The City of Detroit’s Department of Civil Rights, Inclusion and Opportunity (CRIO) is holding two events (of many) during this month which you can get involved with. One is for professionals looking for employment and the other is for resources for business owners.
We hope your Black History Month is going well and you’ve been learning and keeping safe. We are continuing to look ahead with positive anticipation of having events this summer. Until then, if you’d like to get out you can find low risk meetups posted to our Meetup page periodically. We also have a few announcements below and upcoming events from CRIO!
Additional to periodic meetups, our communication cadence will increase and we will be begin periodically notifying you of Black-targeted development, employment, and business opportunities in our emails. Specifically these will included job and industry networking opportunities from our community partners. In the past these were limited to special interest groups within our paid membership. This will now be expanded to all mailing list subscribers with certain follow-up processes only being available to paid members. If your business or organization would like to submit an opportunity being specifically curated for a Black demographic, we’d love to help spread the word. Just contact us.
Black History Month is
Also, while we’re here, we would like remind everyone, just as we stated in Juneteenth 2020, that our holidays and ancestors not only want us to remember them but to also remember and carry forward the fight they waged. Wither it be remembering Rebecca Lee as the first black woman to receive an M.D. degree, or Loretta Lynch as the first African American woman U.S. Attorney General. They made history and as a result we can achieve even more on their shoulders. We remember their achievements to propel our community and ourselves on to the next one.
2020 was a tumultuous year which we couldn’t have predicted with a crystal ball. Yet somehow you still managed to make it this far. Before the pandemic, BYP brought you very timely events on Black Politics and Personal Financial Management, both of which turned out to be invaluable later in the year for many members. Take the lessons and inspiration from those events and continue to make your own history as well.
The Forgotten Story behind the Statue of Liberty
We’d also like to share with you one interesting piece tied to Black history that is actively trying to be left unspoken. Thankfully, the new Statue of Liberty Museum came to the rescue…
The Statue of Liberty was created to celebrate freed slaves, not immigrants.
The broken shackle and chain at the foot of the Statue of Liberty are often forgotten symbols celebrating the ending of US Slavery. However, they were largely rejected by Black media as being “meaningless and hypocritical” as Blacks continued to suffer increasingly under major oppressive forces in the country including the retraction of Reconstruction.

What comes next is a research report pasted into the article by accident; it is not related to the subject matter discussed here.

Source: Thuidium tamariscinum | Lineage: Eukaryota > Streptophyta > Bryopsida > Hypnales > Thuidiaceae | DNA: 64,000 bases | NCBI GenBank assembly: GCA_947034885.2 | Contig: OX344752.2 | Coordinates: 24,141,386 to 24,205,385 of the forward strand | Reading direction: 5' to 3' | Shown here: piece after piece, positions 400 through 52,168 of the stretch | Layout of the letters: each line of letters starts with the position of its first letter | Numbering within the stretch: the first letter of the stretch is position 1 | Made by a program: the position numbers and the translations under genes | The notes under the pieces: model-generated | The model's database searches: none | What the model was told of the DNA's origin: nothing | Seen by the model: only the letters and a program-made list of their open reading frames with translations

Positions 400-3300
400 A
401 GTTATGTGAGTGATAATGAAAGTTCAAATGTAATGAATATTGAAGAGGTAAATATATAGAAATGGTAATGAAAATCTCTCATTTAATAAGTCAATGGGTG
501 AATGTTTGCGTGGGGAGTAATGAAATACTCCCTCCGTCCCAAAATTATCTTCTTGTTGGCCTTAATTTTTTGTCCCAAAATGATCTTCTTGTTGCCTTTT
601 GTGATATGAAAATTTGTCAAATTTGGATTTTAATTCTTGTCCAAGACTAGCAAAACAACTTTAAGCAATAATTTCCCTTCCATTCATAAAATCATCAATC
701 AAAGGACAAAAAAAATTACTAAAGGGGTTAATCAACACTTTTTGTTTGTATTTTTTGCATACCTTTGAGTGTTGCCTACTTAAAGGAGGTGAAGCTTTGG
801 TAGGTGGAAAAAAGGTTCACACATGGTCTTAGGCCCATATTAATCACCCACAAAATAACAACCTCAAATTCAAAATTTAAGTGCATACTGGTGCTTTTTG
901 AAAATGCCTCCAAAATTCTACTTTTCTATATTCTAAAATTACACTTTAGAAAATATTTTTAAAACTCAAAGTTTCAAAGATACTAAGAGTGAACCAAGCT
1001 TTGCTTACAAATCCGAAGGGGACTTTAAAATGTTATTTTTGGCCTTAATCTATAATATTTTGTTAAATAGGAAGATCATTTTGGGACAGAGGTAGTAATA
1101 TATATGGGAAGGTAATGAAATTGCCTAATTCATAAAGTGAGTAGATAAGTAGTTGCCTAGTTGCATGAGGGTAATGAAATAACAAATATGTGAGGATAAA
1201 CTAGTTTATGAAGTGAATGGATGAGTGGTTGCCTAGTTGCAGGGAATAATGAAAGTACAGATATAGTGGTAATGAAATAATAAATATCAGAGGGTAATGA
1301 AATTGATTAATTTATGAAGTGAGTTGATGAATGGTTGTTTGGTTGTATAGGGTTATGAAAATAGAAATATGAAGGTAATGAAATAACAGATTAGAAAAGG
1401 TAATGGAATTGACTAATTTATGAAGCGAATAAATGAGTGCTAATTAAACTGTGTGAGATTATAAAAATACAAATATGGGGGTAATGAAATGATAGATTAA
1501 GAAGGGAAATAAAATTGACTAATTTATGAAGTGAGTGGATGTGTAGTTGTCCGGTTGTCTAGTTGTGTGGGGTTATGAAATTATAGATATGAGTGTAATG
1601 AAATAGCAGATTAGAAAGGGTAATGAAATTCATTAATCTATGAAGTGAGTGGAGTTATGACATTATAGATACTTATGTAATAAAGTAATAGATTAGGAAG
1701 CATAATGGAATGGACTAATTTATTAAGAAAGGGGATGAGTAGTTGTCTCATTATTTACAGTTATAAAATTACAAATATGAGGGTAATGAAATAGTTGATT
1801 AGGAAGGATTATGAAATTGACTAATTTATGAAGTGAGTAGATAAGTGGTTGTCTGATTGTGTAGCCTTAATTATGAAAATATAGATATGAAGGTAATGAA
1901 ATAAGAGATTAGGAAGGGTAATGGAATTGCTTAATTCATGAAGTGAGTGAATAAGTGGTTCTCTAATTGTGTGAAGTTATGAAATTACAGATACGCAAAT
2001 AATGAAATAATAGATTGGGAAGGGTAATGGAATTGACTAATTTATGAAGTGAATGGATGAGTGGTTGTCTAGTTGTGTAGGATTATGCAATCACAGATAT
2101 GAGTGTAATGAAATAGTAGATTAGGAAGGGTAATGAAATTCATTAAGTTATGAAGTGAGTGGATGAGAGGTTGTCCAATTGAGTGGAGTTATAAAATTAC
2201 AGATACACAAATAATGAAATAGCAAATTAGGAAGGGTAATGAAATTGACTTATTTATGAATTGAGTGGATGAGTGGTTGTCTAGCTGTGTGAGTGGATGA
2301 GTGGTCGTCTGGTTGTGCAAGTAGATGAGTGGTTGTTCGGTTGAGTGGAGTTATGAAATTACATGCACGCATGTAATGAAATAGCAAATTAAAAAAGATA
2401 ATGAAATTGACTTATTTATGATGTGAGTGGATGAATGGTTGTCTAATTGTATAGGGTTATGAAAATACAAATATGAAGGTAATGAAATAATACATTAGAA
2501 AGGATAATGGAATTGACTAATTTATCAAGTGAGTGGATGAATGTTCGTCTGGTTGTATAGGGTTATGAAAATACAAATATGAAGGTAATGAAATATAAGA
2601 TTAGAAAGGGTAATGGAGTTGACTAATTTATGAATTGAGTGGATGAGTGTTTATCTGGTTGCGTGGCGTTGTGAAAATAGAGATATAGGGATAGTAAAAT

Today is #Juneteenth 2020. This day is in observation of June 19, 1865, the date on which the last enclave of enslaved Africans, located in Galveston, Texas, learned the US Government had abolished formal chattel slavery nationwide. Aside from various pockets of Africans who continued to be enslaved by rogue slave owners, everyone in the country was now free of formal bondage.
What would ensue after 1865 and well into 2020 would be an informal myriad of continued human rights violations in the form of cons, intimidation, killings, theft, and countless injustices which would form an accrued disadvantage against our people into today. While many of these were informal in their mass coordination, they were nevertheless very systematic and persistent in nature, and hardly ever rebuffed by the government if not outright perpetrated by government.
Today’s most visible elements of that include an ever-growing racial wealth gap, police brutality, and disparate health outcomes, just to name a few. We were brought into this country as the bottom caste in 1619 and are still the bottom caste in 2020, with numerous immigrant groups having arrived and ascended past us. However, that is not our entire story.
Today, what we also have is an undefeatable history of ancestors who are the gold standard for resilience, vision, and love all over the world. It is because of their blood, sweat, and tears that we stand before you today with the ability to post to Facebook, or possibly even create our own Facebook. It is because of them we have the strength to march in the face of militarized police, strive for Black excellence in predominantly white workplaces, and still wake up every day to do it all over again.
So today, on this very critical Juneteenth 2020, we ask all Black Young Professionals to appreciate both the gifts and the wins of our history, and to reflect on what has been tried and what hasn’t. Leverage your creativity and intellect now and going forward to dedicate yourselves to volunteering in the Black community (#Community), connecting with other Black folks (#Social), and learning about Black politics (#Personal).
Community, #Social, and #Personal are the three pillars Black Young Professionals of Metro Detroit was founded on and this is the most important time to keep those in front of us.
With Power and Love,